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If the King of Romance, Yash Chopra was Pakistani…

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I watched the Yash Chopra interview with Shah Rukh Khan last night. It had been conducted on the great director’s birthday just a few weeks ago when he turned 80. I recommend you watch it. This man is not just talking about his achievements but giving real life pointers and the whole one hour 48 minutes held me captivated and left me motivated to do more in my own life.

Although we mourn his death, let there be no doubt that he must have died in peace having fulfilled many of his life’s dreams and ambitions. I won’t go on about him in this piece because far greater writers in large numbers will do a better job of it. Instead I will talk about the other thought that occurred to me whilst watching this interview and reflecting on his life.

What if Yash Chopra had stayed in Pakistan (he was born in Lahore) after partition?
We all can guess what would happen then, right? He would have grown up marginalized in school by his classmates. His family was not wealthy or of high status so he would have had a very had time in society as well. But more worryingly, he would not have been able to become a film director and create the great work he leaves behind. Perhaps he would even be made to convert to Islam on live television? Even if he did become a director, eventually he would have had to shut down considering all the obstacles we as a nation would place in the field of arts.

It would be even more interesting to think about him as being a Muslim instead. It is very likely that his parents, instead of the encouragement his illiterate mom gave him, would shoot down the idea of him going into the business of making movies. There would be no industry anyway. The passion would be killed right there, no questions asked.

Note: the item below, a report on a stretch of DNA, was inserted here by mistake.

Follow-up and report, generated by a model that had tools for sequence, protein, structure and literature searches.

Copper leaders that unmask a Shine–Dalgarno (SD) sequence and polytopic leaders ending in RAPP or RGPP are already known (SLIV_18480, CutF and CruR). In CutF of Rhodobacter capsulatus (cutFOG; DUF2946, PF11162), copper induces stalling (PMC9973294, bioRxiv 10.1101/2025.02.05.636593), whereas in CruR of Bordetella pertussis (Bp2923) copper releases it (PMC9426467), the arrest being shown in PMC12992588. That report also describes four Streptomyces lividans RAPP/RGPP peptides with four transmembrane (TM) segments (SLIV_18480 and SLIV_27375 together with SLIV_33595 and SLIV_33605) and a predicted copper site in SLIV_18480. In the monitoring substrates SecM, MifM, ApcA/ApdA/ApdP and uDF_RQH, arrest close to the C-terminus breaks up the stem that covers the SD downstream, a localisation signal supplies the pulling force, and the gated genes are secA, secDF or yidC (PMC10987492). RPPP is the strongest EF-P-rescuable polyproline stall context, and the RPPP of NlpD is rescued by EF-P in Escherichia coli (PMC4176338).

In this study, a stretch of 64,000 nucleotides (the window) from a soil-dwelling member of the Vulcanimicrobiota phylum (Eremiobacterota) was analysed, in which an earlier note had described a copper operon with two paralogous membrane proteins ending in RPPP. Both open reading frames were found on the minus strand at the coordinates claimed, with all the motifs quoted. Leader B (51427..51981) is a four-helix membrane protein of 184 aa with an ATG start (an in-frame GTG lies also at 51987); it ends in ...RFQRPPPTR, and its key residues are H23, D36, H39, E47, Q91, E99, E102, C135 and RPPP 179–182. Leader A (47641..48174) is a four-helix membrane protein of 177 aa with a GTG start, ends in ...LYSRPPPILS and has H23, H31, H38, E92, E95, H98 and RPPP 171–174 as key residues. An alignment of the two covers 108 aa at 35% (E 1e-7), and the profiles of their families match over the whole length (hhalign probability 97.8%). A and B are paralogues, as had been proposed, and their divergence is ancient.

Yash Chopra was sent to Mumbai to get his passport made and then to the UK to study engineering. He opted, instead, to stay back and chase his dream of film making. In our Pakistani Muslim version, he would have ended up in the UK and been an unknown engineer, no doubt.

Knowing the mentality of our people, I know some of them reading this will think that he would have been more useful to society as an enginee. I’m afraid you are wrong; he had his place in the world. He touched lives in greater numbers than many can imagine. He helped create an industry that now brings in billions to his country and is a great brand image. Most importantly, he died a good man with a list of achievements under his belt.

I hope someday Pakistanis will be encouraged to chase their dreams regardless of what they are and our people won’t discourage each other or mock them. How can we sing “khudee ko kur buland” whilst at the same time clipping the wings of anyone who approaches the edge of the cliff? The shackles we have placed on ourselves need to be broken and the perceived stigmas of certain actions removed. Otherwise, many Yash Chopras will be born in this land and lost.

One of my favorite quotes is the right way to end: “Whether you think you can, or you think you can’t–you’re right.” – Henry Ford.

Yash Chopra certainly thought he could. “Dekha ek khwab to yeh silsilay huway” Sir. We won’t remember you kabhi kabhi but ratherJab tak hai jaan.

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